Great Finishers know they need multiple moves in the paint to score on great defenders. Trae Young has mastered reading the defense, as well as the footwork needed to be a great finisher.
Join PGC Director Adam Turner, as he walks through the 3 dynamic finishes Trae Young uses to score in the paint.
The floater is used between five to ten feet from the basket and you can feel that the paint is too crowded.
If you are going to your right, use your Gallup footwork:
1. Gallup your feet (1-2 step) and stay under control
2. To shoot, imagine “high-fiving” an athlete, not a typical follow through
If you are going to your left, instead of the gallup footwork, use your one-foot take-off and shoot the same way; “high-fiving” your teammate.
When you’re driving in the paint and find your defender on your hip or side, use the Veer footwork to finish.
Use your traditional layup footwork (right, left):
1. With your right step, lean into your defender.
2. With the left step, completely cut your defender off and initiate contact, bouncing off of your defender to finish the layup.
Wrong Foot Power Finish
Similar to the Veer finish, we use the Wrong Foot Power finish when the defender is on our hip or side. Traditionally, the footwork for a right hand layup is right foot, then left foot. Trae Young takes the same 2-step layup approach but uses the opposite footwork to confuse the defense.
On a right hand drive:
1. Take a step with your left foot first
2. Then right foot, initiating contact with the defender to draw a foul or “and one” opportunity.
To become a great Finisher, you have to practice game shots from game spots at game speeds. Incorporate these finishes into your training drills to perfect it before using it in a game.
Join us at a 2019 PGC basketball camp and discover how to develop a lightning-quick release, and the mindset and training required to become a deadly shooter.
THINK THE GAME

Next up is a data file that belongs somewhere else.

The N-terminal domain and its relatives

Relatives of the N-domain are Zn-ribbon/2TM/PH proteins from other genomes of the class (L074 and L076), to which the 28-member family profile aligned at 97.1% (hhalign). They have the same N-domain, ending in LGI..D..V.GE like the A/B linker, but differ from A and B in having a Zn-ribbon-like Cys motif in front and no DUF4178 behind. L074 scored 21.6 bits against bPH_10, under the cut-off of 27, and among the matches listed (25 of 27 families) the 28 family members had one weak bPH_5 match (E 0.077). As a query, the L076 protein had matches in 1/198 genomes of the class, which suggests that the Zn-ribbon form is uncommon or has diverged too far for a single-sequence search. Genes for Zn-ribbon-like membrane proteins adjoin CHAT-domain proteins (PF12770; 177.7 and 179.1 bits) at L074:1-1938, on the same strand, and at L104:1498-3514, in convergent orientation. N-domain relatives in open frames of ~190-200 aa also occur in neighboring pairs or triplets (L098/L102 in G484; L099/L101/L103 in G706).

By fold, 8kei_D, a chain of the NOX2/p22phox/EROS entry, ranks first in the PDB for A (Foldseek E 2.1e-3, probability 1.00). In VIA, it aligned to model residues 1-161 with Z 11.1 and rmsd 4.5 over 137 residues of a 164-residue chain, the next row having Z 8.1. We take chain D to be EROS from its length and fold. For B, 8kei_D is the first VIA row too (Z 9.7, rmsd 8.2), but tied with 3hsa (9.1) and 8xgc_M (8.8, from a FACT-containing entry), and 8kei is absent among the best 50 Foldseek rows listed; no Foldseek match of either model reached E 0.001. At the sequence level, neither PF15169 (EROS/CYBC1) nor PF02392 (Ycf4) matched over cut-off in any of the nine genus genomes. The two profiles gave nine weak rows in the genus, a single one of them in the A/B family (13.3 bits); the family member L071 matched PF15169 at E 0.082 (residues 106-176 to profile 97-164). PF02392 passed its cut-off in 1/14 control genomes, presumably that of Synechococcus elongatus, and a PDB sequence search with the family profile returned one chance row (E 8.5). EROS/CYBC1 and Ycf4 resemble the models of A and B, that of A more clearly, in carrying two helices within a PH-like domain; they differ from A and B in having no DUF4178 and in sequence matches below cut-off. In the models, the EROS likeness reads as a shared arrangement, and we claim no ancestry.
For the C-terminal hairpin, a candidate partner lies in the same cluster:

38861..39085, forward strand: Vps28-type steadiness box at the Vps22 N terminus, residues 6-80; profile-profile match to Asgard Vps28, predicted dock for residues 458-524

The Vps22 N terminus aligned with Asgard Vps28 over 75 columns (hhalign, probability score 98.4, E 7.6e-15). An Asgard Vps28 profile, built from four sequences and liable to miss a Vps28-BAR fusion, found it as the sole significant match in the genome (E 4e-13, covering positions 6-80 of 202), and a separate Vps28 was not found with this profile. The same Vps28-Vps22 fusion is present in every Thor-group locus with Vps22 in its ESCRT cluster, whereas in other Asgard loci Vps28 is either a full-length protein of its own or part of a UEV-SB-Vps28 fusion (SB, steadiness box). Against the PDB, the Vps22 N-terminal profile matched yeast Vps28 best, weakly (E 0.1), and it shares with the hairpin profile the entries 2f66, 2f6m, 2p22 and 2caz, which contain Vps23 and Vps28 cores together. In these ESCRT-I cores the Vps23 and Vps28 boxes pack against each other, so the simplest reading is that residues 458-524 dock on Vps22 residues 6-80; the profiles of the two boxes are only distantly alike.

Join PGC Basketball and discover how to become a playmaker, lead your team, and run the show.
In this quick shooting tip video, PGC Director Tyler Coston covers one easy technique for finger placement to help you make more shots immediately.
In this week’s video, we’re sharing one thing more important than your shooting technique, and it’s not what you think!
Many coaches are set on teaching you to get your hand behind the ball in order to shoot. Here it is – It doesn’t matter if your hand is behind the ball, it only matters that your hand is under the ball. PGC Director Tyler Coston shares how to speed up your shot and generate the power you need to improve.
PGC Basketball provides intense, no-nonsense basketball training for players and coaches. Our basketball camps are designed to teach players of all positions to play smart basketball, be coaches on the court, and be leaders in practices, games and in everyday life.
We combine our unique PGC culture with a variety of teaching methods and learning environments to maximize the learning potential of those that attend our sessions. In addition to spending 6-7 hours on the court each day, lessons will be reinforced through classroom sessions and video analysis.
Our goal at PGC is to empower you with the tools to fulfill your basketball dreams, while also assisting you in experiencing the joy of the journey.